WATCH HIS, NOT THAT: Revolutionary War pics are notoriously unsuccessful. Why not try Disney’s simple, but effective JOHNNY TREMAIN/’57?

Thursday, April 16, 2015


When a ballistic report for a recent accidental shooting surreptitiously solves a Cold Case left over from the war, there’s still one problem for Scotland Yard: the gun is on the lam! Held by the young lad who found it in a ruined building, then tussled with his pal over it, shooting him accidentally. (The victim’s doing fine, but the boy on the run thinks he’s a murderer.) Hiding out all over London town, he’s wanted by the police; by an American army sergeant; by his mom; and by the guy who hid the gun a decade ago. Even the boy’s playmates get in the act as amateur detectives . . . paid by the bad guy. Director Val Guest & lenser Reg Wyer get a lot out of their downscale London locations, especially when forced to maneuver action scenes in tight spaces. (Had they seen Elia Kazan’s New Orleans set PANIC IN THE STREETS/’50?) But the combination of easy coincidences to keep the plot moving; underutilized storylines (those kiddie detectives are barely used, and a brief romance with a nightclub hostess is painfully underwritten/unmotivated); most of all, dreary perfs from a cast that includes Hollywood ringers Steve Cochran & Lizabeth Scott. (The kid’s damn good, though.*) It’s one of those little films where they’ve got all the ingredients, but forget to light the stove.

DOUBLE-BILL: *’The kid’ is young Jon Whiteley who started & ended his brief film career with Dirk Bogarde in THE STRANGER IN BETWEEN/’52 (not seen here) and the odd, emotional THE SPANISH GARDENER/’56 where Bogarde’s surrogate dad comes up against Michael Hordern (in a fascinating perf) as a painfully distant real father.

Wednesday, April 15, 2015


After Tim Burton’s stillborn APE reboot in 2001, the course-correcting RISE OF THE PLANET OF THE APES/’11 was a welcome, unexpectedly involving rebound. But now, it’s back to Ground Zero with this inexplicably well-received disappointment. (Note: all had similar big box-office returns.) After a graphic prologue on Earth’s viral depopulation, we meet an isolated society of great apes, living in the forest and unaware that a town’s-worth of human survivors are gleaning a meager life from the remains of a devastated San Francisco. Ah, if only these two had never bumped into each other! But bump they do, when a handful of humans go hunting up a new energy source. Alas, there’s not enough goodwill on each side of the sapien divide to offset a few trigger-happy Alpha-Males in both camps. And before Dr. Seuss can say ‘Butter Battle,’ a deadly war of escalation breaks out. Not a very original tall tale, but that’s hardly the problem here. Instead, lousy story construction, miserable acting (the human family unit at the core of the story is a sorry lot, and Gary Oldman phones it in as chief human), even the CGI comes up short. Nice massed effects, but closer action stuff, whether it’s apian fisticuffs, bareback horsemanship, or Jungle Jim moves on Golden Gate bridgework, don’t convince. (The beasts seem to move inside parentheses.) It’s always hard to know who’s responsible on these epics, but let’s point to director Matt Reeves whose previous budgets were about a tenth of what he had to spend here. (Hollywood Subtext: It's not what he got to spend here, but what he had to spend here. Elsewise, you're not making something worth the advertising budget.) Or maybe the special-effects department just held him prisoner. Naturally, he’s already been signed up for the next one.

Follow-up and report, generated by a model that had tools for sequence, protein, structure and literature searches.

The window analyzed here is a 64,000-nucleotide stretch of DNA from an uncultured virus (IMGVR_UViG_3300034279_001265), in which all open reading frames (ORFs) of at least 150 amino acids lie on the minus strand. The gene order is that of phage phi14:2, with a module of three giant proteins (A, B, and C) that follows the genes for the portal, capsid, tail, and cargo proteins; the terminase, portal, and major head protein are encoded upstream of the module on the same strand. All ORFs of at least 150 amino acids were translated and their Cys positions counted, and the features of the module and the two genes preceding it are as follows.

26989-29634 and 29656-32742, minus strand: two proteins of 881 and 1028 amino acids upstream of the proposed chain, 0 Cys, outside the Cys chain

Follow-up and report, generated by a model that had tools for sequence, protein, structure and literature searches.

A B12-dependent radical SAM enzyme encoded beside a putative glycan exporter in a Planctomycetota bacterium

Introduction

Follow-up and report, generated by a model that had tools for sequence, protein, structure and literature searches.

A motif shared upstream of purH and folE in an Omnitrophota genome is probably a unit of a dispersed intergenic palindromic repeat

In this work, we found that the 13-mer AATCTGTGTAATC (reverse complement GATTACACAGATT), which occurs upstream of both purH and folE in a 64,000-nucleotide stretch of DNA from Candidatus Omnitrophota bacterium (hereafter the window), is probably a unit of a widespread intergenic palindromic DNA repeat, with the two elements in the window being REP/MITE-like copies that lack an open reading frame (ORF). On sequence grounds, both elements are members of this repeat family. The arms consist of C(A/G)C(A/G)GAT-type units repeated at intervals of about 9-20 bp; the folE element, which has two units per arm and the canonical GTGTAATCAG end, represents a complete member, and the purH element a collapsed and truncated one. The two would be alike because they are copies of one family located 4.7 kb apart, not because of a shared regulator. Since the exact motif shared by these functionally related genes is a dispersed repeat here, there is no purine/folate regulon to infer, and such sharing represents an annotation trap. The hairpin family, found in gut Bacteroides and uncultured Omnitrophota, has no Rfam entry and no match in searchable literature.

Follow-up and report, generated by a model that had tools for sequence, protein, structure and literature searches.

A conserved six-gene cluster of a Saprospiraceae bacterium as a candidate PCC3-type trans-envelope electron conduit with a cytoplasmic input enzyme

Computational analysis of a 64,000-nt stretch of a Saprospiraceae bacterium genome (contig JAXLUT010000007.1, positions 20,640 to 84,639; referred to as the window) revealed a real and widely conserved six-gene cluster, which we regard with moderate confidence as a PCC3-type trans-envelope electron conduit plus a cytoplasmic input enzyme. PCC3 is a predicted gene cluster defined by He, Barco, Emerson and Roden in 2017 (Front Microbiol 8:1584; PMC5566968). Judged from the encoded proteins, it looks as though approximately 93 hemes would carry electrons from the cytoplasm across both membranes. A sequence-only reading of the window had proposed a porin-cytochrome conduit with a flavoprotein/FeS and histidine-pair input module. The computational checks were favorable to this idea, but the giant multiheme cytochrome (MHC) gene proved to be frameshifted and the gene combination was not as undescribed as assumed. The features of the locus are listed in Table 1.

SCREWY THOUGHT OF THE DAY: The screenwriters sweetly name the trusting orangutan ‘Maurice,’ presumably after actor Maurice Evans who played the very untrusting orangutan in the original PLANET OF THE APES/’68.